Synthetic biology. Beginning of life

Maciej Żylicz


Technological strides in DNA sequencing, biopolymer synthesis and bioinformatics provided the cornerstone for the birth of a new discipline, synthetic biology (design-based engineering of biological systems aimed at solving society’s problems). The term “Synthetic biology” was first introduced by prof. Wacław Szybalski. Ideally, an engineered system should be functionally robust and predictable. Yet these features are difficult to achieve. The prime goal of synthetic biology is to engineer minimal cell system in which genetic material will be replicated and will undergo Darwinian evolution. To achieve this goal, two complementary approaches were undertaken. First, the “top-down” approach: engineering minimal genomes starting from already existing bacteria (in vivo reduction), spearheaded and advanced by J. Craig Venter. Furthermore this approach is complemented by the identification of minimal enzymatic systems, which lead to DNA replication and control cell division. The second, in vitro “bottom up” approach bases on the synthesis of bimolecular parts (nucleotides or amino acids) using pre-biotic non-enzymatic reactions; from such building blocks a minimal functioning cell could be created. Jack Szostak has made significant progress in this approach. These experiments stimulate and perplex our imagination that 10 billion years ago the emergence of life stems from self-organizing reactions without explicit intervention from outside.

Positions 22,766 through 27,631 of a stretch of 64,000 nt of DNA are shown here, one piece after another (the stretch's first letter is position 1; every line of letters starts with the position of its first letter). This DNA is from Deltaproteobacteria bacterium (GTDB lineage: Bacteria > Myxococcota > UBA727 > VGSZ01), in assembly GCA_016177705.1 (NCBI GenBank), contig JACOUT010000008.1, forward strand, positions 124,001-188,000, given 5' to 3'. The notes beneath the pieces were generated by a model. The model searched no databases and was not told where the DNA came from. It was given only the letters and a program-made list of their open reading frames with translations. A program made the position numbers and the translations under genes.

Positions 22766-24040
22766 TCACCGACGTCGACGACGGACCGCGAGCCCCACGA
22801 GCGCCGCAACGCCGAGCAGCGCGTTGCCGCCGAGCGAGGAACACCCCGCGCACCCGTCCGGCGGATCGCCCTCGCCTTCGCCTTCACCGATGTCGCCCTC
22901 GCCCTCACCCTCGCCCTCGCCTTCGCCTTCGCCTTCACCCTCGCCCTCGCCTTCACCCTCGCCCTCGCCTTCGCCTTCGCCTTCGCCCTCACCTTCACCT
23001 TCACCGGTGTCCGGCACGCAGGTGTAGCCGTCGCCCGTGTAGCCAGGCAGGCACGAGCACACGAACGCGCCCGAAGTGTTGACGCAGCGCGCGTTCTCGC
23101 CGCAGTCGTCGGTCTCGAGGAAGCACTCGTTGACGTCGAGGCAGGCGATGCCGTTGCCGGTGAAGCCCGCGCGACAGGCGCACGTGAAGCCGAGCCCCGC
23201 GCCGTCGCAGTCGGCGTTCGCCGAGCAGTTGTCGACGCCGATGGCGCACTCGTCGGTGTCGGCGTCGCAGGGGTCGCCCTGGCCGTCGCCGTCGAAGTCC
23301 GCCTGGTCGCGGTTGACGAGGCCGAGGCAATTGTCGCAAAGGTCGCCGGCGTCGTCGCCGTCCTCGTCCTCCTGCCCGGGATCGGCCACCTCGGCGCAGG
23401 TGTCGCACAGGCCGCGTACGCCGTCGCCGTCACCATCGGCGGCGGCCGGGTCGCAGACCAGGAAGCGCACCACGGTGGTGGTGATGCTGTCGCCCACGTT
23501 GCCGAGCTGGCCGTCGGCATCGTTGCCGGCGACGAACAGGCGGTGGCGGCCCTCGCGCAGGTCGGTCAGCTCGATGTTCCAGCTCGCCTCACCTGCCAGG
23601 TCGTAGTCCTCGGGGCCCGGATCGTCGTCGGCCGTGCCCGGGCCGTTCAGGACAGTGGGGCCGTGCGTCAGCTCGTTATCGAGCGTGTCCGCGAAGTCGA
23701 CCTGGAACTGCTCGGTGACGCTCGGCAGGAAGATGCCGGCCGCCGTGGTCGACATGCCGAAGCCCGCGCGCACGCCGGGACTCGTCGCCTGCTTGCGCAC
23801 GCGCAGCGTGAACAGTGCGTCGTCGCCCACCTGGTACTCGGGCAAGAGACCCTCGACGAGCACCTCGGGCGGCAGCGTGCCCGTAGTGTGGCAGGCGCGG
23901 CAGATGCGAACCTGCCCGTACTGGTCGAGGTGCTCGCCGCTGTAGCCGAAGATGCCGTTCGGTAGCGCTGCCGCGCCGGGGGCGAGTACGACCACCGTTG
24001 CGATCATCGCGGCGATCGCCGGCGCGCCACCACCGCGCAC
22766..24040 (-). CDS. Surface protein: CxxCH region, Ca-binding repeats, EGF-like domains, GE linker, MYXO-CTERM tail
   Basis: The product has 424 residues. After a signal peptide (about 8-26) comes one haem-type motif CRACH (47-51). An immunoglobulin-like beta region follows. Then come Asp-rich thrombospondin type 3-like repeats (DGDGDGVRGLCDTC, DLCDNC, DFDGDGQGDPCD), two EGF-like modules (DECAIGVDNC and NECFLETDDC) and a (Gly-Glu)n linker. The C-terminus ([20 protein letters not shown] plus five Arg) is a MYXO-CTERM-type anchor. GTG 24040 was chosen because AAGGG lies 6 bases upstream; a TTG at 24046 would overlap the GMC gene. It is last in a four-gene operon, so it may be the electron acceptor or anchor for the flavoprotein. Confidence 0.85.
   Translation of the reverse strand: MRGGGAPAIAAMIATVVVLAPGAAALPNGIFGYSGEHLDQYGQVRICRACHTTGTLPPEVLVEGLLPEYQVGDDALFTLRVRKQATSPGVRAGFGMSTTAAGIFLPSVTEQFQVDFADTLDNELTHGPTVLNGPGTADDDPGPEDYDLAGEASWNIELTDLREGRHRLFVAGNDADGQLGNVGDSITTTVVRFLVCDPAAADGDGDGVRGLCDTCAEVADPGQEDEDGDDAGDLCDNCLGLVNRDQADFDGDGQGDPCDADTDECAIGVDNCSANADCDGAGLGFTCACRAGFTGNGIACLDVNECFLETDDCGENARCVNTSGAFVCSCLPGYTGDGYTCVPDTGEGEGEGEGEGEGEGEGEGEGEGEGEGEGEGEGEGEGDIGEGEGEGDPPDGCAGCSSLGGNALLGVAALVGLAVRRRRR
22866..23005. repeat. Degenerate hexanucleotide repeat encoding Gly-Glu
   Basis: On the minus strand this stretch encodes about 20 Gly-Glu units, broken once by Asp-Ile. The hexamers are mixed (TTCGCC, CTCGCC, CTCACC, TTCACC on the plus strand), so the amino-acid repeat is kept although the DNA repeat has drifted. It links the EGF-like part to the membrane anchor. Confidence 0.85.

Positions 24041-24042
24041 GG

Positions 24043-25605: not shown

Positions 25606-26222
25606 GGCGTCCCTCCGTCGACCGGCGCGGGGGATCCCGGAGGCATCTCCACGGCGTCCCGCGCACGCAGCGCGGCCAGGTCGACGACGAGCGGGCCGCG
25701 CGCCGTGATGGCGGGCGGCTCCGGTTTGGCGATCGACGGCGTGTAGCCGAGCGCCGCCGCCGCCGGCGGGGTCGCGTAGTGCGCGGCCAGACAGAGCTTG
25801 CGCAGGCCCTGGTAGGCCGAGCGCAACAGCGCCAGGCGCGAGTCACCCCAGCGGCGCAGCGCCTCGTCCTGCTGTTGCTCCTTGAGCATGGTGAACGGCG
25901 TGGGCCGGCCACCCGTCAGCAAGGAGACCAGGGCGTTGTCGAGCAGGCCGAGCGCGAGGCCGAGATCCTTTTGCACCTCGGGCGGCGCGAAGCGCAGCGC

synthetic biology; pre-biotic chemistry; self-organizing reactions

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